Works Cited

Alberti, L. (1988). Book Nine: Ornament to Private Buildings. In J. Bykwent, N. Leech, & R. Tavernor (Trans.), On the Art of Building. Cambridge, MA: MIT Press.

Barisi, I., & Catalano, D. (2004). Guide to Villa d’Este. Rome: De Luca.

Cappa, G., Felici, A., & Cappa, E. (n.d.). Il Rinascimento degli acquedotti. Atti Del XXI Congresso Nazionale Di Speleologia – Sessione Attività Di Esplorazione E Ricerca, 338-45. Retrieved from __

Coffin, D. (2004). The Villa d’Este at Tivoli. In Pirro Ligorio: The Renaissance Artist, Architect and Antiquarian (pp. 83-99). University Park, PA: The Pennsylvania State University Press.

Dix, B. (2011). Experiencing the past: The archaeology of some Renaissance gardens. Renaissance Studies,25(1), 151-83.

Google Maps Find Altitude. (2013, November 13). Retrieved September 29, 2015, from __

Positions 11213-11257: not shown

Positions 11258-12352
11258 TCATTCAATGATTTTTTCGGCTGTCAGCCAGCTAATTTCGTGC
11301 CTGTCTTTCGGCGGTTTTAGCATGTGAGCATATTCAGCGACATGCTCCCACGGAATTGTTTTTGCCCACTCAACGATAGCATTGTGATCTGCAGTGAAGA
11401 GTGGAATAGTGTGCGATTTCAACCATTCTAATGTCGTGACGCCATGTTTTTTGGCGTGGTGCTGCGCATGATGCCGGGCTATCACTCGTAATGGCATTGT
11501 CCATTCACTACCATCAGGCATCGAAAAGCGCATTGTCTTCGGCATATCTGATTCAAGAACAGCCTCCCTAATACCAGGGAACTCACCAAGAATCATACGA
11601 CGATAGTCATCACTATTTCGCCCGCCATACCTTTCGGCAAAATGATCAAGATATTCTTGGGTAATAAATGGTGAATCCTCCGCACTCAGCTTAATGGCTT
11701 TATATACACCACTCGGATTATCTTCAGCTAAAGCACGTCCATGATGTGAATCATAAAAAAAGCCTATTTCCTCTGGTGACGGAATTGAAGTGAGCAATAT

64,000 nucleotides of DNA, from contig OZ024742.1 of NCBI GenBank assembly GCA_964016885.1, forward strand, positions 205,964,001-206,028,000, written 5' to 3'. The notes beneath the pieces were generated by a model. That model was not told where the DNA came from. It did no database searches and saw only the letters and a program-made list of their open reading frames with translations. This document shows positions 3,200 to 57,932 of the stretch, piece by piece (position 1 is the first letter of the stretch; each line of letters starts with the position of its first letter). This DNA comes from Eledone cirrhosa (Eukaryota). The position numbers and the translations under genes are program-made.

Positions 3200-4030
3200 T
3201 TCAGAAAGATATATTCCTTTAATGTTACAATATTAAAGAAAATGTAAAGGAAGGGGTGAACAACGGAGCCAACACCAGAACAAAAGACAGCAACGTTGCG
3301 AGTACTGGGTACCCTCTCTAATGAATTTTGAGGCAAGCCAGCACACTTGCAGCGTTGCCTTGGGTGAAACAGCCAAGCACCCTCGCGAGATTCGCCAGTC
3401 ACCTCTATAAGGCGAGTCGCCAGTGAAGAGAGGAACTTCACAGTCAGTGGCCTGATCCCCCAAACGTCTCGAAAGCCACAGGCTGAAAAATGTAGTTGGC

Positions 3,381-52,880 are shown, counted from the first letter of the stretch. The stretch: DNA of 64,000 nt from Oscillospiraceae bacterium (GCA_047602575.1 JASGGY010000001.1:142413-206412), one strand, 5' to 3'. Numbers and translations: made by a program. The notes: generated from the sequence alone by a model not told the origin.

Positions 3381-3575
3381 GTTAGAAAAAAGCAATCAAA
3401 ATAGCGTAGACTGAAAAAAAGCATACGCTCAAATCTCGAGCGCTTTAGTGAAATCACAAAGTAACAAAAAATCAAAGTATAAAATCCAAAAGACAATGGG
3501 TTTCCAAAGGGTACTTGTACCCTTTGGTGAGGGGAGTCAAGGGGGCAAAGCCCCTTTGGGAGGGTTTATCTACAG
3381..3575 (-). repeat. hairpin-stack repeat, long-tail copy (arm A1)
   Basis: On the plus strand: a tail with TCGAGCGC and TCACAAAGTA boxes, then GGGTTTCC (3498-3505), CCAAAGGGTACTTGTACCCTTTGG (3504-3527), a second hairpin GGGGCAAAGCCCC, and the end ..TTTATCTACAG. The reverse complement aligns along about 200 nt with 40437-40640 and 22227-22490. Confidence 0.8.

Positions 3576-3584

Hodge, A. (2005). Roman Aqueducts and Water Supply (2nd ed.). London: Gerald Duckworth &.

Karman, D. (2005). Restoring the Ancient Water Supply System in Renaissance Rome. The Waters of Rome, (3). Retrieved from __

Lazzaro, C. (1990). Nature and Culture in the Garden. In The Italian Renaissance Garden (pp. 8-19). London: Yale University Press.

Newton, N. (1971). Design on the Land: The Development of Landscape Architecture. Cambridge, MA: Belknap Press of Harvard University Press.

Ribouillault, D. (2011). Toward an Archaeology of the Gaze. In M. Benes & M. Ghee (Eds.), Clio in the Italian garden: Twenty-first-century studies in historical methods and theoretical perspectives. Washington, D.C.: Dumbarton Oaks Research Library and Collection.

Russell, V. (1997). Villa d’Este. In Edith Wharton’s Italian Gardens (pp. 158-168). London: Frances Lincoln Limited.

Sunil Maildm, S. (2012). Villa d’Este at Tivoli. Retrieved September 14, 2015.